NASA Spies InSight Mars Lander from Space as It Hunts Marsquakes (Photos)


NASA Spies InSight Mars Lander from Space as It Hunts Marsquakes (Photos)


Meghan Bartels, Senior Writer


February 11, 2019 04:00pm ET

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On the left are photographs taken by the Mars InSight lander: of its completely deployed seismometer at the top and of its seismometer instrument before deployment at the bottom. On the right are images captured by the Mars Reconnaissance Orbiter showing the InSight lander on the Martian surface.
Credit: NASA

NASA's InSight lander has been busy on Mars preparing to begin scientific observations, and the mission passed another milestone this weekend, when the spacecraft began preparing to deploy its final instrument.

That instrument is the heat probe, which, if all goes well, will drill itself about 16 feet (5 meters) into Mars over the course of about two months. The deployment process, like that for the lander's seismometer, relies on the grapple-like claw at the end of InSight's robotic arm. As of yesterday (Feb. 10), the claw is grasping the heat probe in preparation for deployment.

As the probe burrows into the Martian soil, it will take measurements of how heat flows throughout the planet. That should help scientists understand the properties of Martian regolith.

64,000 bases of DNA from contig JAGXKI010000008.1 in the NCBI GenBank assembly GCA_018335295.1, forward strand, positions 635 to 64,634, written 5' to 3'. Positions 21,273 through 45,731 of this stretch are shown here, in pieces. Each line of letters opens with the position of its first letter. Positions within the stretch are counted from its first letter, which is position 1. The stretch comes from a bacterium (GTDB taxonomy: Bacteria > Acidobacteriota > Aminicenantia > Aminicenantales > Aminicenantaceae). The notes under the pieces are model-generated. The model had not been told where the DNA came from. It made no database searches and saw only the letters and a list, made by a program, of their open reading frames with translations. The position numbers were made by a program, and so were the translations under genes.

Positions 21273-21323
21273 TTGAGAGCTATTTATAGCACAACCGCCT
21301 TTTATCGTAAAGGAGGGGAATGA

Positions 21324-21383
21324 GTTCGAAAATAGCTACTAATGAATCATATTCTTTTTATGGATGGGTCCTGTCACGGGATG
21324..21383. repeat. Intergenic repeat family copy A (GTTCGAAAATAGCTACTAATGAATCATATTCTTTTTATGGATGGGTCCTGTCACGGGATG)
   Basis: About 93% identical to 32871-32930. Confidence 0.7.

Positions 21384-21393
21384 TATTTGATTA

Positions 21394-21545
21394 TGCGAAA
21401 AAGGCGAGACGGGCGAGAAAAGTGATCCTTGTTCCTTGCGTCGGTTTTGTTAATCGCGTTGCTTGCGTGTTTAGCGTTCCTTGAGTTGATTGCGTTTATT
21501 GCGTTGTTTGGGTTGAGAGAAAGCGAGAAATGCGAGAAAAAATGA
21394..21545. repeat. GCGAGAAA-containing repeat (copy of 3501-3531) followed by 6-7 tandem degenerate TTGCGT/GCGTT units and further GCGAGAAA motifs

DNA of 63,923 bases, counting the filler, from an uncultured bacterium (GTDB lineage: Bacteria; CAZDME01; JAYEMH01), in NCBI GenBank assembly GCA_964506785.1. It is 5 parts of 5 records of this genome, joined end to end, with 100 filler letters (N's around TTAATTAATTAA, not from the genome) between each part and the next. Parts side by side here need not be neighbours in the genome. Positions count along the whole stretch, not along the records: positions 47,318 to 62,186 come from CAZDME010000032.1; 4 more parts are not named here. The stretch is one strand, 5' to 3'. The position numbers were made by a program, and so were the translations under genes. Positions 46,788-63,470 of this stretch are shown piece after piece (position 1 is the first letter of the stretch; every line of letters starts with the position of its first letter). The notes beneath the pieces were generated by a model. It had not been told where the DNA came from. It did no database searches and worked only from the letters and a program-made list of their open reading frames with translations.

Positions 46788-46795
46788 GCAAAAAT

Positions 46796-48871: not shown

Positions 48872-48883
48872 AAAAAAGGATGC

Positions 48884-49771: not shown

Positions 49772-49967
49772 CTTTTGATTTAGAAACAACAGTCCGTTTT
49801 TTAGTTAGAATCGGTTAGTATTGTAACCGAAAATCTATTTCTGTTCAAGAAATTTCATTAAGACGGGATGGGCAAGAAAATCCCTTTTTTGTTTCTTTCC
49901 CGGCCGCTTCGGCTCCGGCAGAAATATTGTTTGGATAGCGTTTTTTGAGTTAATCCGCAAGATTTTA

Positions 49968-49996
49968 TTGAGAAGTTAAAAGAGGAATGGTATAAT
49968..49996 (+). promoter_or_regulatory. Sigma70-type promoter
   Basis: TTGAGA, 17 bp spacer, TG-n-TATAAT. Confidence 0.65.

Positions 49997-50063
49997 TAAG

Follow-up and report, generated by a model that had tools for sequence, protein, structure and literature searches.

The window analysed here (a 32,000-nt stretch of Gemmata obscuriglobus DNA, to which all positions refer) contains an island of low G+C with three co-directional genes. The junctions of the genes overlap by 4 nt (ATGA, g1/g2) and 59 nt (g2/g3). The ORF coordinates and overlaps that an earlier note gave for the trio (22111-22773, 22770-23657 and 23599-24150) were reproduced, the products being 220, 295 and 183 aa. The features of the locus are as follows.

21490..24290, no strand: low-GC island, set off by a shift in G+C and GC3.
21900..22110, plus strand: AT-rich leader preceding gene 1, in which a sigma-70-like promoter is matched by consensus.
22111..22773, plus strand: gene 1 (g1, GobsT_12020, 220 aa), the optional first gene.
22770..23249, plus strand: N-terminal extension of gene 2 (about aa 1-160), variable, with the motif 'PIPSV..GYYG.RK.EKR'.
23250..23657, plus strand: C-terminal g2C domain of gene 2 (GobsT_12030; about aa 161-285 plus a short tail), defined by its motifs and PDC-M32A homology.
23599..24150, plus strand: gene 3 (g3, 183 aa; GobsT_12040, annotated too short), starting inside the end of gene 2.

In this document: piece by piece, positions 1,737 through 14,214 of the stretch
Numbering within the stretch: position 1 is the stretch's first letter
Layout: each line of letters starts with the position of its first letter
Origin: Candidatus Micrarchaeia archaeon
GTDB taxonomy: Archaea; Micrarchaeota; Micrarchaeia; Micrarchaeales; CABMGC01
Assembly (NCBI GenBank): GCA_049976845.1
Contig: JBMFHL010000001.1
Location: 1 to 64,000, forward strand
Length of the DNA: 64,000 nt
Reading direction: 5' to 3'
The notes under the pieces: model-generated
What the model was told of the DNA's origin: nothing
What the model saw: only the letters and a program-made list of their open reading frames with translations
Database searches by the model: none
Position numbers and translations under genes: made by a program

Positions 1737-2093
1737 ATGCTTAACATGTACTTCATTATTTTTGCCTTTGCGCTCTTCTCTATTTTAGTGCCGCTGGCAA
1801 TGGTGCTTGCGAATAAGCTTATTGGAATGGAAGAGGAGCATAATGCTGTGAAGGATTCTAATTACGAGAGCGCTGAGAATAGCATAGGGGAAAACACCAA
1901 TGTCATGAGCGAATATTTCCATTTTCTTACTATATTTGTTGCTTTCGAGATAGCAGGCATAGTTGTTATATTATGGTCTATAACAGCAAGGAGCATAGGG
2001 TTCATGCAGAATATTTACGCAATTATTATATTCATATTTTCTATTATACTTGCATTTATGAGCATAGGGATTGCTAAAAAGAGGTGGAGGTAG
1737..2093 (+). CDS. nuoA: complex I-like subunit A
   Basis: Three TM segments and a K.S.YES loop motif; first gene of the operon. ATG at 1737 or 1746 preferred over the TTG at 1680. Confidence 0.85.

The heat probe will follow its predecessor, the seismometer instrument that will track seismic waves through the interior Mars to try to map its structure. Scientists believe the planet is home to so-called marsquakes, which would create such waves, but the seismometer will also register echoes from meteorite impacts and from the heat probe itself during its drilling process.

Scientists have images of the seismometer not only taken by the lander itself, but also as spotted by the Mars Reconnaissance Orbiter, which has been circling the planet since March 2006. One of the instruments on board is a camera called HiRISE, which is able to capture detailed images of the Red Planet's surface.

Those images are so detailed that the polygonal solar panels of the lander itself, as well as the white spot of the seismometer's white protective cover, are visible.

Email Meghan Bartels at or follow her @meghanbartels. Follow us @Spacedotcom and Facebook.

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Author Bio

Meghan Bartels, Senior Writer

Meghan is a science journalist based in New York City. She joined in July 2018, with previous writing published in outlets including Newsweek and Audubon. Meghan earned an MA in science journalism from New York University and a BA in classics from Georgetown University, and in her free time she enjoys reading and visiting museums. Follow her on Twitter at @meghanbartels.

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